10 Predictions for the Future of Photography
In thinking about how much photography has changed in just the last decade or so, it's incredibly exciting to think about all the innovations that are in store in the coming years.
And I'm not the only one excited about the future of photography...
In the video below, our friends at the Cooperative of Photography (COOPH) offer up a few tantalizing predictions about what's in store for the photography world.
Below, I've outlined a few of my favorite COOPH predictions, and give some of my thoughts on where we're headed.
Have a look at the video, check out the play-by-play below, and get ready to be intrigued!
Sensors With Hundreds of Megapixels
Think about this...
When the Canon 5D came out in 2005, it had 12.8-megapixels. The latest Canon 5D, the Mark IV, which was released in 2016, has 30.4-megapixels. The Canon 5DS R has a mouth-watering 50.6-megapixels.
You see the trend?
It took about a decade for Canon's megapixel count in their top-end camera to nearly quadruple. And since we've eclipsed the 50-megapixel mark, it's reasonable to assume that in about 10 years' time, we'll be shooting with 100-megapixel cameras.
It's also reasonable to assume that along with these epic sensors that we'll also see increasingly large ISO values. That means cameras will one day be able to see in the dark.
Now that is exciting!
You know what else would be exciting? If future cameras had better native audio capabilities. Let's be honest, at this point in time, DSLRs and mirrorless cameras have terrible microphones.
But fortunately for us, we don't have to wait for future cameras to step up their audio game because Sound Shark is available, and produces impeccable audio for photographers and videographers.
It even looks futuristic in the photo above, don't you think?
Trust me, though, this thing is all business, with a range of up to 50 feet, a design that minimizes noise, and lightweight construction and a small form factor that make it easy to use.
But my experiences using Sound Shark might not convince you, so consider this: Sound Shark has been used for events like the Super Bowl and the World Series, so if it can handle top-shelf tasks like that, just imagine what it can do for your day-to-day video shooting!
You'll get clean, clear audio, even on windy days and even in busy areas with tons of ambient noise.
Heck, this thing produces the same level of audio quality from six feet away as a lapel mic does!
Check out what Sound Shark has to offer your camera in the video above. I think you'll find it's a must-have for your camera today and in the future.
In the old days of photography, cameras were huge and cumbersome.
Heck, even my camera in the 1990s was big and heavy...
Today we enjoy pretty awesome cameras on our smartphones, but COOPH predicts that in the future, our cameras will be smaller still.
That might include cameras with no moving parts - no mirrors and no lens.
That could lead to something like what's shown above - a perfectly flat camera that could also be flexible to alter the field of view.
It looks like something right out of Star Trek, doesn't it?
Back in the day, my old Canon film camera seemed like a pretty great piece of technology.
But compared to the Nikon D850 I have sitting on my desk, that old Canon seems like a quaint relic.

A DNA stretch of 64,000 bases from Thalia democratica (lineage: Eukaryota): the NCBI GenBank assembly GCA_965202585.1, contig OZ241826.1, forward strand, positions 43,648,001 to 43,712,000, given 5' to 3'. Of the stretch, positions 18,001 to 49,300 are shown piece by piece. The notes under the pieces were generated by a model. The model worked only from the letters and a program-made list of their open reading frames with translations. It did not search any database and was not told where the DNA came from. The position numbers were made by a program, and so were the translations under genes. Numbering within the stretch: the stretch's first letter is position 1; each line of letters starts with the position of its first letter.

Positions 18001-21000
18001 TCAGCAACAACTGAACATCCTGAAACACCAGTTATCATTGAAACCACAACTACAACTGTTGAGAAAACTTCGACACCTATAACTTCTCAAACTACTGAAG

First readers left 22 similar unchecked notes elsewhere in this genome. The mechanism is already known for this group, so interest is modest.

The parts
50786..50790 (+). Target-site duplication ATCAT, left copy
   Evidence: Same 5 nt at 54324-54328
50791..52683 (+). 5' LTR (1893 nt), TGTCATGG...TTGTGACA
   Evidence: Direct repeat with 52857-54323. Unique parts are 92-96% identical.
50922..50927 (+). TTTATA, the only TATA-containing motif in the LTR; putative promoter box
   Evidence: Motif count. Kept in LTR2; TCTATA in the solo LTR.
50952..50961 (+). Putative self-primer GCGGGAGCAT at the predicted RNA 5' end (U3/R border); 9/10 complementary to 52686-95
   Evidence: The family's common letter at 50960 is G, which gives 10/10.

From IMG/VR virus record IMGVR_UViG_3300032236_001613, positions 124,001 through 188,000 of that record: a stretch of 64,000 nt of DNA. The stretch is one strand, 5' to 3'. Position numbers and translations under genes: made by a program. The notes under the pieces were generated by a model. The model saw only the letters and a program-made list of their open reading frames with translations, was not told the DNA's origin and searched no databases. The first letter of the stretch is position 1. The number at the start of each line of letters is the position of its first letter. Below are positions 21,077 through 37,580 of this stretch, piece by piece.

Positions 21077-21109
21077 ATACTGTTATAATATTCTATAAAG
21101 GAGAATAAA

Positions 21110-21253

The point is that cameras are constantly sporting new, fantastic technologies that make taking photos an exciting experience.
In the future, that could include cameras that are controlled remotely through sensory inputs. For example, cameras might one day be triggered with nothing more than eye movements, like blinking twice to fire the shutter or squinting to zoom.
Another bold prediction is this - someday, cameras could actually read your brainwaves, so when you see something you like, it would automatically take a photo.
When I was a kid, Polaroids were all the rage.
Now, kids are on Instagram, sharing their photos with friends and strangers from around the world.
The leap in technology from Polaroids to Instagram makes one wonder how we'll view photos in the future.
Could we 3D print them? Could we project them onto a wall right from our cameras?
Perhaps we'll be able to display them as 3-D holograms, as seen in the image above.
Whatever the case, we're sure to see big changes in how we print and view photos in the future.
We already have cameras that can detect eyes, faces, and bodies, so it's not that far off for cameras to have even more advanced capabilities.
As COOPH mentions in the video, Google's Cloud Vision platform is already able to analyze and interpret the subjects in a photo, as seen above.
That makes you wonder if at some point our computers will handle everything from culling images to organizing them to processing them for us.
I'm not sure I like the idea of being removed from the process of editing photos, but I'd love to save some time getting all my images organized!
Return of the Vintage
Like everything else in life, eventually, once-popular items come back into fashion.
Photography is no exception. Just look at the success of FujiFilm's Instax Camera...
With the resurgence of film cameras in recent years and the commitment to preserving the "old ways" of photography, there will no doubt be a time in the future when photographers pick up old, outdated DSLRs from today and marvel at how we managed to capture images of any kind of quality.
Who knows where this train is headed, but we can be sure of one thing - photography in 10 years will be a whole lot different than it is today!